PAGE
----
4.8.1  Vandalism .......................................... 80
     4.8.2  Bioengineering ..................................... 82
     4.8.3  Death .............................................. 82
Conclusion ..................................................... 84

Chapter 5. Information ethics and the foundationalist debate ... 86
Summary ........................................................ 86
5.1  Introduction: looking for the foundations of computer
     ethics .................................................... 87
5.2  The 'no resolution approach': CE as not a real
     discipline ................................................ 88
5.3  The professional approach: CE as a pedagogical
     methodology ............................................... 90
5.4  Theoretical CE and the uniqueness debate .................. 92
5.5  The radical approach: CE as a unique discipline ........... 93
5.6  The conservative approach: CE as applied ethics ........... 94
5.7  The innovative approach: information ethics as the
     foundation of CE .......................................... 97
Conclusion ..................................................... 99

Chapter 6. The intrinsic value of the infosphere .............. 102
Summary ....................................................... 102
6.1  Introduction: an object-oriented model of moral action ... 103
6.2  The role of information in ethics ........................ 109
6.3  An axiological analysis of information ................... 112
     6.3.1  A critique of Kantian axiology .................... 114
     6.3.2  A patient-oriented approach to axiology ........... 115
     6.3.3  IE's axiological ecumenism ........................ 122
6.4  Five objections .......................................... 124
     6.4.1  The need for an ontology .......................... 124
     6.4.2  How can an informational entity have 'a good of
            its own'? ......................................... 125
     6.4.3  What happened to Evil? ............................ 128
     6.4.4  Is there a communication problem? ................. 130
     6.4.5  Right but irrelevant? ............................. 132
Conclusion .................................................... 133

Chapter 7. The morality of artificial agents .................. 134
Summary ....................................................... 134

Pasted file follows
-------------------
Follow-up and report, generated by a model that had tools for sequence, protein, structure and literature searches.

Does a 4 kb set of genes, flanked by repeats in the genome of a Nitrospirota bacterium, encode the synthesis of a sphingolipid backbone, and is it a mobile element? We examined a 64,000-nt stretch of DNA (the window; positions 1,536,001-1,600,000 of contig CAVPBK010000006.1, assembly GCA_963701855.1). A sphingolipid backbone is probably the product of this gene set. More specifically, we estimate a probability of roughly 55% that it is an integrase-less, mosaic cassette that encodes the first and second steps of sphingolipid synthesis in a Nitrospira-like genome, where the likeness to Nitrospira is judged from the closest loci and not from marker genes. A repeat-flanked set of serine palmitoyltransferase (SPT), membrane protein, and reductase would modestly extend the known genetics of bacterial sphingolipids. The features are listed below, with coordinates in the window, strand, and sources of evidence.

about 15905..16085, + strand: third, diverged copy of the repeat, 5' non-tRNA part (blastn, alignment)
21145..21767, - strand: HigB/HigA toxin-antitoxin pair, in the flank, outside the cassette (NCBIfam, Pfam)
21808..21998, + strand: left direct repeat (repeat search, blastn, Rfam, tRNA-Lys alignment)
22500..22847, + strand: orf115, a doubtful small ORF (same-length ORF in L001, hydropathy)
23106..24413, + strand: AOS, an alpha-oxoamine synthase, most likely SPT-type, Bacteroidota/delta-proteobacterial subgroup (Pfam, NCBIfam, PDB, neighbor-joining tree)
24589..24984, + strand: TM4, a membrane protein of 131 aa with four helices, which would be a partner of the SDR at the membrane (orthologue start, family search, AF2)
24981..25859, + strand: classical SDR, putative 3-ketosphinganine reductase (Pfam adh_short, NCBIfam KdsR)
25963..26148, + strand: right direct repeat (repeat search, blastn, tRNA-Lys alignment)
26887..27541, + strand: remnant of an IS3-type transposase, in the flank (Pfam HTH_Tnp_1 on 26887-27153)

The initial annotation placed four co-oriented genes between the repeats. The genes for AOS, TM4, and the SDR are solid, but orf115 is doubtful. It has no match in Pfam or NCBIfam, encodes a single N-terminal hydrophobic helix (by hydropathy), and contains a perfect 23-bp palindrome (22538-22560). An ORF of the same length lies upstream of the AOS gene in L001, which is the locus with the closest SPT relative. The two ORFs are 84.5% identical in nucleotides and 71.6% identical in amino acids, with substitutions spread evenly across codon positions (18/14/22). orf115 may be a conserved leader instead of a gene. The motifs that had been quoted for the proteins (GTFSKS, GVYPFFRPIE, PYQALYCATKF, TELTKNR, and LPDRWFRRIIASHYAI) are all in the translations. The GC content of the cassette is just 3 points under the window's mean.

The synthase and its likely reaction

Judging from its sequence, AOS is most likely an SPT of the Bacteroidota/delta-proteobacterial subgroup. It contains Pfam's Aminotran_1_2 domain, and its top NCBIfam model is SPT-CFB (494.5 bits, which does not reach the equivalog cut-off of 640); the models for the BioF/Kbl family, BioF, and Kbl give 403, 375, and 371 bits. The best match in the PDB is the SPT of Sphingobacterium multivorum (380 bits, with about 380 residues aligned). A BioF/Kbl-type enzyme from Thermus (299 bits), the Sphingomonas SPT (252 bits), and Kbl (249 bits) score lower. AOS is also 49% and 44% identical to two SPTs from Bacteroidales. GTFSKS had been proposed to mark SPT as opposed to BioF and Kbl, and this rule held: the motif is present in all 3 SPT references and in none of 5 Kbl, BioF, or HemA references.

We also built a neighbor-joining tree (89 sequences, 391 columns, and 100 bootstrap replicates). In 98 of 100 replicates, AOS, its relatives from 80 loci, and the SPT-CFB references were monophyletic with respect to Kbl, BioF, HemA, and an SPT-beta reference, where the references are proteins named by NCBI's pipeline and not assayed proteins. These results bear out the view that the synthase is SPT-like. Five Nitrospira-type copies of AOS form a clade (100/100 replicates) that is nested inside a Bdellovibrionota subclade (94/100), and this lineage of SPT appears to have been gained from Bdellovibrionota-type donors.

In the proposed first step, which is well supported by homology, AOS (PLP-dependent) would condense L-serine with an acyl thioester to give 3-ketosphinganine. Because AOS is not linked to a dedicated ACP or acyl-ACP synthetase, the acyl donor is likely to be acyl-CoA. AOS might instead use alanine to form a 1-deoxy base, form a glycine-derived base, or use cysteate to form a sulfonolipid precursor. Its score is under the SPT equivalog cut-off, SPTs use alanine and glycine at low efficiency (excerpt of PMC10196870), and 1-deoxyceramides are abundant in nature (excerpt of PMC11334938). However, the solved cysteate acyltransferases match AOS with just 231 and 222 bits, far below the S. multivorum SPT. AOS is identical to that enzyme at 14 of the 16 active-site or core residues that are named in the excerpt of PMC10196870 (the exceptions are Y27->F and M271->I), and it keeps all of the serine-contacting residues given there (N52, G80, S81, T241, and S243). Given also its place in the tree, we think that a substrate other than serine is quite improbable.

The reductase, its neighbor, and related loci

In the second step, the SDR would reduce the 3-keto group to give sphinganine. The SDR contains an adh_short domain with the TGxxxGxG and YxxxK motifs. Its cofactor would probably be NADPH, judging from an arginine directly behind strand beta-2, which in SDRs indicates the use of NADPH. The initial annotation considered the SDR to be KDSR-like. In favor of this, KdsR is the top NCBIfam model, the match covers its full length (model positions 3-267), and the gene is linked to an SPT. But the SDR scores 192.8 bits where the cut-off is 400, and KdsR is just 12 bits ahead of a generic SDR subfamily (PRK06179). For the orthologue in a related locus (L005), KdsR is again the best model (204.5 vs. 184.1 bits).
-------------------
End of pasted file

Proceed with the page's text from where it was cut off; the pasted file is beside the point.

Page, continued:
7.1  Introduction: standard vs. non-standard theories of
     agents and patients ...................................... 135
7.2  What is an agent? ........................................ 138
     7.2.1  An effective characterization of agents ........... 140
     7.2.2  Examples .......................................... 141
7.3  What is a moral agent? ................................... 146
7.4  Mindless morality ........................................ 148
     7.4.1  The teleological objection ........................ 148
     7.4.2  The intentional objection ......................... 149
     7.4.3  The freedom objection ............................. 149
     7.4.4  The responsibility objection ...................... 150
7.5  The morality threshold ................................... 152
7.6  A concrete application ................................... 153
     7.6.1  Codes of ethics ................................... 155
     7.6.2  Censorship ........................................ 156
7.7  The advantage of extending the class of moral agents ..... 157
Conclusion .................................................... 159

Chapter 8. The constructionist values of homo poieticus ....... 161
Summary ....................................................... 161
8.1  Introduction: reactive and proactive macroethics ......... 162
8.2  The scope and limits of virtue ethics as
     a constructionist ethics ................................. 164
8.3  Why information ethics cannot be based on virtue ethics .. 166
8.4  Ecopoiesis ............................................... 168
8.5  Poiesis in the infosphere ................................ 169
     8.5.1  Interfaces ........................................ 169
     8.5.2  Open source ....................................... 170
     8.5.3  Digital arts ...................................... 172
     8.5.4  The construction of the self ...................... 173
     8.5.5  Virtual communities ............................... 174
     8.5.6  Constructionism on the web ........................ 175
8.6  Homo poieticus ........................................... 175
Conclusion .................................................... 177

Chapter 9. Artificial evil .................................... 180